The Impact ADHD Can Have On A Child's Life
If your child has been diagnosed with ADHD it is important to know how this can impact his/her life and how to help your child learn to effectively cope with the symptoms. This will help the child become well-adjusted and less prone to undesirable coping behaviors.
ADHD in a nutshell
Attention-deficit hyperactivity disorder (ADHD) is a neuro-biological condition that causes children to be hyperactive, impulsive, and inattentive. It appears to have a genetic component, and people that have the disorder have some brain structure differences in the prefrontal cortex and the posterior parietal cortex.
Problems that Children with ADHD Face
It is estimated that 20 to 30% of children who have ADHD also have a learning disability such as dyslexia. ADHD medications can reduce the symptoms so that children have a better chance of being attentive but they will still need specific interventions for the learning disability, to do well.
Children with this disorder may receive continuous negative attention from adults such as teachers and others. They also have a harder time developing normal social skills. This can cause them to have a negative self-image which can lead to behavior problems.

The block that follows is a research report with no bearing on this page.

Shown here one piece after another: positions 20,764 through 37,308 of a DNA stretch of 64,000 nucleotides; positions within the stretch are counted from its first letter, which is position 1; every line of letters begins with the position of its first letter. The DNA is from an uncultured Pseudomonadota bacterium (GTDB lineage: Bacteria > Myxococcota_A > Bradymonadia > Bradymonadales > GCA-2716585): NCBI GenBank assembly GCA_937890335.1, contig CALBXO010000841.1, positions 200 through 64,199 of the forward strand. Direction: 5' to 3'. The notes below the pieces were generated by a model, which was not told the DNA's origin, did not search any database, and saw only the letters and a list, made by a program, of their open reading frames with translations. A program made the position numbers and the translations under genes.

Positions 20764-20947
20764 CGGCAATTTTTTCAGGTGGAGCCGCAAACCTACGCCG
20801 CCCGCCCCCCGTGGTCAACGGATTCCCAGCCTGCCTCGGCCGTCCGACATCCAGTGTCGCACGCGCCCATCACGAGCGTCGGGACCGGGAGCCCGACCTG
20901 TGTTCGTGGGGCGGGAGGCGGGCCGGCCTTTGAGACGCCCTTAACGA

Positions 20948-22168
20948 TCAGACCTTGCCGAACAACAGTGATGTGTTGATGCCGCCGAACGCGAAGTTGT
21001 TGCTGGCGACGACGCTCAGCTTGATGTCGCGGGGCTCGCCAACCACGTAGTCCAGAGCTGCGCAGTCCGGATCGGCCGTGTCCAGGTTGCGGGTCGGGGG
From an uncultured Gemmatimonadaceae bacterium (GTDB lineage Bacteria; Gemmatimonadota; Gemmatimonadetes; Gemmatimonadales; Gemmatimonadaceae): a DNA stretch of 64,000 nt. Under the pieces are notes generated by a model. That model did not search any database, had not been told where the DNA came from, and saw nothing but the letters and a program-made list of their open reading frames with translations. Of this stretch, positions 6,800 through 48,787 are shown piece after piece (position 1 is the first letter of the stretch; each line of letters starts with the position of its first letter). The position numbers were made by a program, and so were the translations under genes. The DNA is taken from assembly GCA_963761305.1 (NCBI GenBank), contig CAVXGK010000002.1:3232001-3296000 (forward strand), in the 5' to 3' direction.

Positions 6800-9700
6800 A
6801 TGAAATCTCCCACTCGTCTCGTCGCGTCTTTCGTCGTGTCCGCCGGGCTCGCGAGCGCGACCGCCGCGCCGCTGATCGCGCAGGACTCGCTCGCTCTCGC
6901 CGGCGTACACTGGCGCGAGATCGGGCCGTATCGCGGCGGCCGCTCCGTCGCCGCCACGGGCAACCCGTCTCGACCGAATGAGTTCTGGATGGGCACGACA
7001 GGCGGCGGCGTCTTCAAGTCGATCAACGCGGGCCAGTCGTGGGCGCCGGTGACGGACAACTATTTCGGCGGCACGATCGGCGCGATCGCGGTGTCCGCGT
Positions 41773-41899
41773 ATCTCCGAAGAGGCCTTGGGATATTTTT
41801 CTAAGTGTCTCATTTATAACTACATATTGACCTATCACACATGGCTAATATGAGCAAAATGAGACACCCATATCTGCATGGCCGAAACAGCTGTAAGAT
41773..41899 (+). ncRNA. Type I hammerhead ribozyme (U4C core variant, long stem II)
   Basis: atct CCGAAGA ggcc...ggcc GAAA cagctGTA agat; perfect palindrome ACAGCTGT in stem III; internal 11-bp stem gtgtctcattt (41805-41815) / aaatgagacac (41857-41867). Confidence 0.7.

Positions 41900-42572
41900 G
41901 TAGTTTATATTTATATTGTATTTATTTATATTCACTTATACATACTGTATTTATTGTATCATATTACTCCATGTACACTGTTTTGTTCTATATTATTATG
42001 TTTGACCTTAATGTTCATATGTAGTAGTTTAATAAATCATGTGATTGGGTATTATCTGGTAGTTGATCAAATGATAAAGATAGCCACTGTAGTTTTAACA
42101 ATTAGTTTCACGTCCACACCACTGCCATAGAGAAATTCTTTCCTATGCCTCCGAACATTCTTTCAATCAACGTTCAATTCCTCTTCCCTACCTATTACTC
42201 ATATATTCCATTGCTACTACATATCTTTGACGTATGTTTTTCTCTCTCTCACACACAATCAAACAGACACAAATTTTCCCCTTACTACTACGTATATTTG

Eventually ADHD children can develop oppositional defiant disorder which means they can become:
They may also refuse to take any responsibility for their behavior.
As the child grows into a teen this may escalate into a diagnosis of conduct disorder which has these symptoms:
Verbal and physical aggression
Cruelty to animals and/or other people
Vandalism and property destruction
Untreated ADHD during childhood can also cause anxiety and mood disorders as the children grow into adulthood. They may self-medicate to alleviate their symptoms with drugs or alcohol and other addictive behaviors.
There is no cure for it, but a person can learn to manage ADHD symptoms. Treatment for a child involves a multi-disciplinary approach that will involve the child's pediatrician, the school counselor, the child's teachers, and you.
Medication will be recommended to help the child to focus his or her attention and do better at school and at home. Some medications prescribed are stimulants such as dextroamphetamine sulf-saccharate and methylphenidate HCL or non-stimulants such as atomoxetine HCL. Surprisingly, some anti-depressants such as bupropion also help some children.
Counseling would also be appropriate to help the child learn appropriate social skills and to manage difficult emotions that come with this condition. It will also help you to learn effective ways to manage with the challenges you face as a parent of a child with ADHD. Talk to your doctor, such as someone from Rainbow Pediatrics, for more information.